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Latest posts by BobTheGardener

Palm tree? Trunk broken - what to do?

Posted: 28/12/2013 at 15:49

I think it is out in the garden, Verdun.  It looks like Marodj has put the broken flower into a pot which is the picture on the left.  The flower won't root and will die of course but it does look quite attractive and it would be a shame to waste it until it does go brown.

new border for boring garden

Posted: 28/12/2013 at 15:43

Hi Sue, I would suggest laying another path on top of the concrete one so that the new surface is level with the grass (ie use the old path as a base.)  That way it will be easy to mow as you can run the mower right over the path without having to worry about any raised path edging damaging the blades.  As the old concrete path base will be solid, you can use thin slabs or even terracotta tiles on top of a thin layer of mortar without worrying about them cracking when you walk on them.

Spots on herbs

Posted: 28/12/2013 at 15:26

Some info on miners affecting thyme here, Edd, although it probably won't help much in this format:


Spots on herbs

Posted: 28/12/2013 at 15:21

That's what I'm thinking too - some kind of leaf miner? There are a couple of UK species which can affect thyme and there is rosemary leaf miner.

Spots on herbs

Posted: 28/12/2013 at 14:02

Hi Edd, are these indoors or outdoors?

Palm tree? Trunk broken - what to do?

Posted: 27/12/2013 at 23:40

Hi marodj, I think t is probably a cordyline australis which isn't a true palm but most folk call them palms in the UK.  If it is, the good news is that it will almost certainly sprout new growth from the base now that the trunk has been severed.  To help stop disease entering the damaged trunk, I would cut it cleanly a few inches below where the top broke off.  Once the new shoots have grown a couple of feet high I think you would be safe to cut the old trunk off at ground level and if you want just one new trunk, select the strongest new one and remove the rest.  You could also let all of the new shoots grow and have a multi-stemmed one.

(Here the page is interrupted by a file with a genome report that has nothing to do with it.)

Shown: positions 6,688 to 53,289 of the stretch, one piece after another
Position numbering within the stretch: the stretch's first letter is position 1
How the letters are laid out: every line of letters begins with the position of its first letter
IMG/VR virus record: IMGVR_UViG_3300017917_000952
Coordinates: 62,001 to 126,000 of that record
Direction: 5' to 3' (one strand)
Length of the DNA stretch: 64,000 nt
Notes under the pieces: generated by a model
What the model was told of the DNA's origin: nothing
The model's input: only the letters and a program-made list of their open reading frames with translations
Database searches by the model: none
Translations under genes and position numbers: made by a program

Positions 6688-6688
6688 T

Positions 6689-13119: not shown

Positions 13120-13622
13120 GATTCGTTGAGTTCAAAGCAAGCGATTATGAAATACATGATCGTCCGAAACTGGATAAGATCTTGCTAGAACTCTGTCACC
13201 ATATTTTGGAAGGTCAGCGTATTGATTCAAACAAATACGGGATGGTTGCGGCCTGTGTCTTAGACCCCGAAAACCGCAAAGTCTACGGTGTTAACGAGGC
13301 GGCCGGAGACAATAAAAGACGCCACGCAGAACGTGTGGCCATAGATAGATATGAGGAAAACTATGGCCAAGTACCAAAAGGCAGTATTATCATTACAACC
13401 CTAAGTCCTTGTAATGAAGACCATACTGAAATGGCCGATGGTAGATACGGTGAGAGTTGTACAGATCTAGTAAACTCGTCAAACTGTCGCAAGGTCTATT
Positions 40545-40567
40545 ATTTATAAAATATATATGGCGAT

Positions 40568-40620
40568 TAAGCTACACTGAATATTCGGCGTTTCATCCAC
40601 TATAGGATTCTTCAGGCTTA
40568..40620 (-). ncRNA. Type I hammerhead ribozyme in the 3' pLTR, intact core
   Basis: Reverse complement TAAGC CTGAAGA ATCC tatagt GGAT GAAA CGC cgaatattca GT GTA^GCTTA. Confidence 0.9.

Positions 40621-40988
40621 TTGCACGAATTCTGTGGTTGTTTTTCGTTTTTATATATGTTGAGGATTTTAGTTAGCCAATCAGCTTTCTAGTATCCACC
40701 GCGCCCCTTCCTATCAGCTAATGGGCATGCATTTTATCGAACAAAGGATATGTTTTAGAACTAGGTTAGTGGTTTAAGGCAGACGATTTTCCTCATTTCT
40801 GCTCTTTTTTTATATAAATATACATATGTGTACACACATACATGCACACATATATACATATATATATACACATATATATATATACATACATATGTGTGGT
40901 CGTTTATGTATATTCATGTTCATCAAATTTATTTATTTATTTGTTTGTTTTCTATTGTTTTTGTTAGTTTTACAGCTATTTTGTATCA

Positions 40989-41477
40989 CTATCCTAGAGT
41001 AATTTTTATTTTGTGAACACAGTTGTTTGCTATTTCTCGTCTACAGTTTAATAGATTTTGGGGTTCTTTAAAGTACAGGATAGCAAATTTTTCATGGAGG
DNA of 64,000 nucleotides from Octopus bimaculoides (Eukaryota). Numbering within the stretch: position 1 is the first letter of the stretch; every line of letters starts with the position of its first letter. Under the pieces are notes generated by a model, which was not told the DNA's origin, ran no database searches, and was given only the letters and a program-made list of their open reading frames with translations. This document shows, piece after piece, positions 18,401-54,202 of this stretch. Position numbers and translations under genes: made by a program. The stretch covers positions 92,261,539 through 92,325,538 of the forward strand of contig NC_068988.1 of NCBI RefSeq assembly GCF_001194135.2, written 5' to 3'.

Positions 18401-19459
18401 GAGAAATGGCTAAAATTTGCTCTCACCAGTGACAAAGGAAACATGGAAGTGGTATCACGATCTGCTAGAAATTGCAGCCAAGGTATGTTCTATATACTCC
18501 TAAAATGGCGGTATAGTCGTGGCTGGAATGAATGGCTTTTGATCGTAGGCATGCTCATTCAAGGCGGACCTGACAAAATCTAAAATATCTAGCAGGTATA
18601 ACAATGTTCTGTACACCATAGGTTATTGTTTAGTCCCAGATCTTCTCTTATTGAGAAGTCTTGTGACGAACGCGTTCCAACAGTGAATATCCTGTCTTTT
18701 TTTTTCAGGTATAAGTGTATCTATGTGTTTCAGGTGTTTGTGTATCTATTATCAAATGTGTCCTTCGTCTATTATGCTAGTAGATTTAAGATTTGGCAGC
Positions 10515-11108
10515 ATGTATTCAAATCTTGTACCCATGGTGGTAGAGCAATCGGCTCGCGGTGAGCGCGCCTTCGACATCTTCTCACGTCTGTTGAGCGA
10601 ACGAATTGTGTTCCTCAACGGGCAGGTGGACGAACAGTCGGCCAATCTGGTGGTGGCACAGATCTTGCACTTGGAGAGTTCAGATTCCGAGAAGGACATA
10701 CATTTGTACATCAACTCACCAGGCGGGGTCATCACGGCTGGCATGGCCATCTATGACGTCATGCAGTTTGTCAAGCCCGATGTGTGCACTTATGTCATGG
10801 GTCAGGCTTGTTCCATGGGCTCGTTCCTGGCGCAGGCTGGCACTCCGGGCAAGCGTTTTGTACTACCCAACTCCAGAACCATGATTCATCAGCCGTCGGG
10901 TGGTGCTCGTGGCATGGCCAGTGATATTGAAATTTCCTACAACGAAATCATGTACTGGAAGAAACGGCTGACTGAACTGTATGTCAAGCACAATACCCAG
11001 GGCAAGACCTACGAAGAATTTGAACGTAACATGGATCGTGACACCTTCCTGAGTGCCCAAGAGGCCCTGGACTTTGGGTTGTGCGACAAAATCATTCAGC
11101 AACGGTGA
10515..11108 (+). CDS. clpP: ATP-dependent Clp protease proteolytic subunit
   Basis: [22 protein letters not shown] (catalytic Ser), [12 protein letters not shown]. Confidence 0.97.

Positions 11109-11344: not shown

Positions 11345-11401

Talkback: How to winter-prune trees and shrubs

Posted: 27/12/2013 at 15:58

Also the only way to prune leylandii is to the ground, with a chainsaw.   I recommend "encouraging" them with a stump grinder afterwards.

Help with London garden for rental

Posted: 27/12/2013 at 15:44

I'd cover all of the bare soil with at least 4 inches depth of chipped bark to keep the weeds down and plant slow-growing shrubs as landgirl says.  For example, Euonymus are evergreen, come in a range of leaf colours, are fairly cheap and won't grow huge over a 5 year period, even if they are never pruned.

How much soil do I need?

Posted: 27/12/2013 at 15:35

Hi Jimbo, just in case you are buying it in smaller bags, 0.48 cubic metres is 480 litres, so about 7 standard 70l compost bags.

What perennials are ŷou currently obsessed about for next year?

Posted: 26/12/2013 at 15:09

I haven't yet decided what my obsession will be for next year Verdun, but all I'm sure of is that there will be one!  I have about 70-80 aquilegia crosses I made which grew from seeds last year and should flower this year so once I've selected and moved the best of those I should have plenty of space for whatever takes my fancy.  Back to the catalogues it is then!   Happy Christmas my friend!

Discussions started by BobTheGardener

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Bob's guide to picking soft fruit

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On Freeview/Sky 
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Last Post: 21/10/2013 at 20:16
1 to 15 of 23 threads